Student employees face the risk of losing wages and jobs as Berkeley businesses struggle amid the COVID-19, or the new coronavirus, pandemic.
UC Berkeley has requested that all staff members, including student workers, work remotely unless they are responsible for essential operations jobs, according to campus spokesperson Janet Gilmore. For students who work off-campus, however, many have lost their jobs with businesses in Berkeley temporarily closing.
“I literally used my last paycheck to pay my last month’s rent, and now since I can’t work for the remainder of this month, I don’t have the necessary funds to pay my rent,” said campus junior Melania Hernandez, who recently lost her job at Ross in Emeryville, California after the store temporarily closed.
An urgent ordinance passed by Berkeley City Council on March 17 prevents commercial and residential tenants from being evicted from their residences if the eviction was caused by the COVID-19 pandemic.
Students who are facing financial crises are encouraged to apply for campus assistance from the Basic Needs Center and the campus financial aid office, according to Gilmore. Students, however, have expressed concern over receiving loans from campus.
“You do have the option to take out the loan, it’s just, I’m afraid to take them out,” Hernandez said. “If I don’t have the money now, it makes me think I can’t have the money later to pay those loans.”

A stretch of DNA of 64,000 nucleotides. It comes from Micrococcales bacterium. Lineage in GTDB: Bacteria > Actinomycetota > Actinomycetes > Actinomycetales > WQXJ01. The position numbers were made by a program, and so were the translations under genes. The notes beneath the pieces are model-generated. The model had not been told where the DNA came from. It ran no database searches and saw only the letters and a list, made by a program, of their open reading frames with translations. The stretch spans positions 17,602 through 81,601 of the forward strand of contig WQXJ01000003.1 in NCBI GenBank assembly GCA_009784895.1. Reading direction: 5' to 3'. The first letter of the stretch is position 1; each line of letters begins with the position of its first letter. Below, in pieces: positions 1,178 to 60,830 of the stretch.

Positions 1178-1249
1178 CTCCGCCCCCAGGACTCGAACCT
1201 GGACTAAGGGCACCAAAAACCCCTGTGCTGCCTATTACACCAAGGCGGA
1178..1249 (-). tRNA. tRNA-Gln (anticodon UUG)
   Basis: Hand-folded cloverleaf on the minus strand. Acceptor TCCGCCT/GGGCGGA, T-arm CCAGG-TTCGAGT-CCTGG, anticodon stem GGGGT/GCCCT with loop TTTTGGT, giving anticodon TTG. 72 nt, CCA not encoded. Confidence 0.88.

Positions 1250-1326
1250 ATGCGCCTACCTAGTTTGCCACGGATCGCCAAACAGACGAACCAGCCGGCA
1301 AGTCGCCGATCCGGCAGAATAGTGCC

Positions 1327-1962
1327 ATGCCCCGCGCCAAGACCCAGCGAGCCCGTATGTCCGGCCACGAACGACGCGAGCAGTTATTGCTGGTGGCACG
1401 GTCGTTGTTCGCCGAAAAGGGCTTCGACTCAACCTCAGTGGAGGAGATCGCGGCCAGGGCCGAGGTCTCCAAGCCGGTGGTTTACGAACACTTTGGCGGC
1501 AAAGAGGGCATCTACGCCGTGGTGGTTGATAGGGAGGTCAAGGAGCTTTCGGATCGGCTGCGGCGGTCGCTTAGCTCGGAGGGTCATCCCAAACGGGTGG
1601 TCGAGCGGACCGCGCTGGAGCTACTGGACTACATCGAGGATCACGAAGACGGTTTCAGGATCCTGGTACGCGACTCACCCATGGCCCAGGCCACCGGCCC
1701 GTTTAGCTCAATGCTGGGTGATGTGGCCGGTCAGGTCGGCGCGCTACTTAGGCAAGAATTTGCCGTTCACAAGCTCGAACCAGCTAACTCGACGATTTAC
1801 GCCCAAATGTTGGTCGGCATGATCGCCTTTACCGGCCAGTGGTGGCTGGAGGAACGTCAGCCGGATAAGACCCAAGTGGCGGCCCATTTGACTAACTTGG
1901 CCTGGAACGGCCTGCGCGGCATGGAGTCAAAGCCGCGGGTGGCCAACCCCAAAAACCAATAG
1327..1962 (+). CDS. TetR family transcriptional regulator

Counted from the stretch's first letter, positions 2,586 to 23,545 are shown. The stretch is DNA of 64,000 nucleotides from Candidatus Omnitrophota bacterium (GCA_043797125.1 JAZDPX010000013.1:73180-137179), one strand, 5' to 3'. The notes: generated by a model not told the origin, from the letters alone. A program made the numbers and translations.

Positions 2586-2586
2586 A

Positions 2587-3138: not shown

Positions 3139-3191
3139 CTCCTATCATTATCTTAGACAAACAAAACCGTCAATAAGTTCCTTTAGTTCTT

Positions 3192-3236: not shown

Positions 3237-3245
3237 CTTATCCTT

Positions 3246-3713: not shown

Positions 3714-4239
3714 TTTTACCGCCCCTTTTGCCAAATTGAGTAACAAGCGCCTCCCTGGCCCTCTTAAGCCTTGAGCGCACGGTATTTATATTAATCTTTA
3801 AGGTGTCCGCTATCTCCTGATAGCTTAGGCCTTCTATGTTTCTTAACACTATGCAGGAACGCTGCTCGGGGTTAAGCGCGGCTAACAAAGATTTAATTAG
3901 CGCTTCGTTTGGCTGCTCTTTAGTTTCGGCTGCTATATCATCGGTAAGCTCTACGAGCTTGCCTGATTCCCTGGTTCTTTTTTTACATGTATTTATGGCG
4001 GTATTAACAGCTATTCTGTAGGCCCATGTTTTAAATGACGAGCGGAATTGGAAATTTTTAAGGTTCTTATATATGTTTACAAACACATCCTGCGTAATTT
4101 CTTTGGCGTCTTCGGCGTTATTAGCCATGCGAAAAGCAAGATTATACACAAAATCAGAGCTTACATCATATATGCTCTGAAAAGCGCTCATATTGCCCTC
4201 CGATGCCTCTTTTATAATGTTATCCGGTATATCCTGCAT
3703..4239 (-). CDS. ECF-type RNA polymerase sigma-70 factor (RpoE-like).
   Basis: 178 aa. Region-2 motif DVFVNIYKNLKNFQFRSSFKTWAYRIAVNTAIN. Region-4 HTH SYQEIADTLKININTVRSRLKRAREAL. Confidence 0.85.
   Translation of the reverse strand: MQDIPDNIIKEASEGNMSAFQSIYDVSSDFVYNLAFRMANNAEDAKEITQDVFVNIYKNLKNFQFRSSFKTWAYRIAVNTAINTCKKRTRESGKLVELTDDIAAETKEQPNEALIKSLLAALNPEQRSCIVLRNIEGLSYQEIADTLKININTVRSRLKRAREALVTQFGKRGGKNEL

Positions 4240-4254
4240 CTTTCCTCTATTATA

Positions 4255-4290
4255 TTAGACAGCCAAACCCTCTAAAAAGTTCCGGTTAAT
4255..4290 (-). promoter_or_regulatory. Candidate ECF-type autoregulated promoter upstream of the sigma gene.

UC Berkeley announced March 16 in an executive order that it will provide 128 hours of paid administrative leave for all employees who are unable to work due to the pandemic.
The federal government will be providing student employees with their share of their wages through the end of the semester even if they are unable to work, according to Gilmore. She added that the campus will also continue to pay its share through the end of the semester.
Undocumented students, however, are unable to receive assistance from the federal government and may be more vulnerable, according to campus doctoral student Rumur Dowling.
In an effort to provide financial assistance to not only members of the campus community but also the wider East Bay area, Dowling and campus professor of English and comparative literature Anne-Lise Francois launched the Cal COLA Mutual Aid / Financial Emergency Fund.
The program has received about 140 student applications and has distributed about $6,000 to 40 of those students, according to Dowling. About 80 students remain on the waitlist, as of press time.
“It would be really nice if the school can look at these cases of students who do not receive a complete (financial aid) package and try to find ways that they can support us,” said campus junior Lesly Arellano.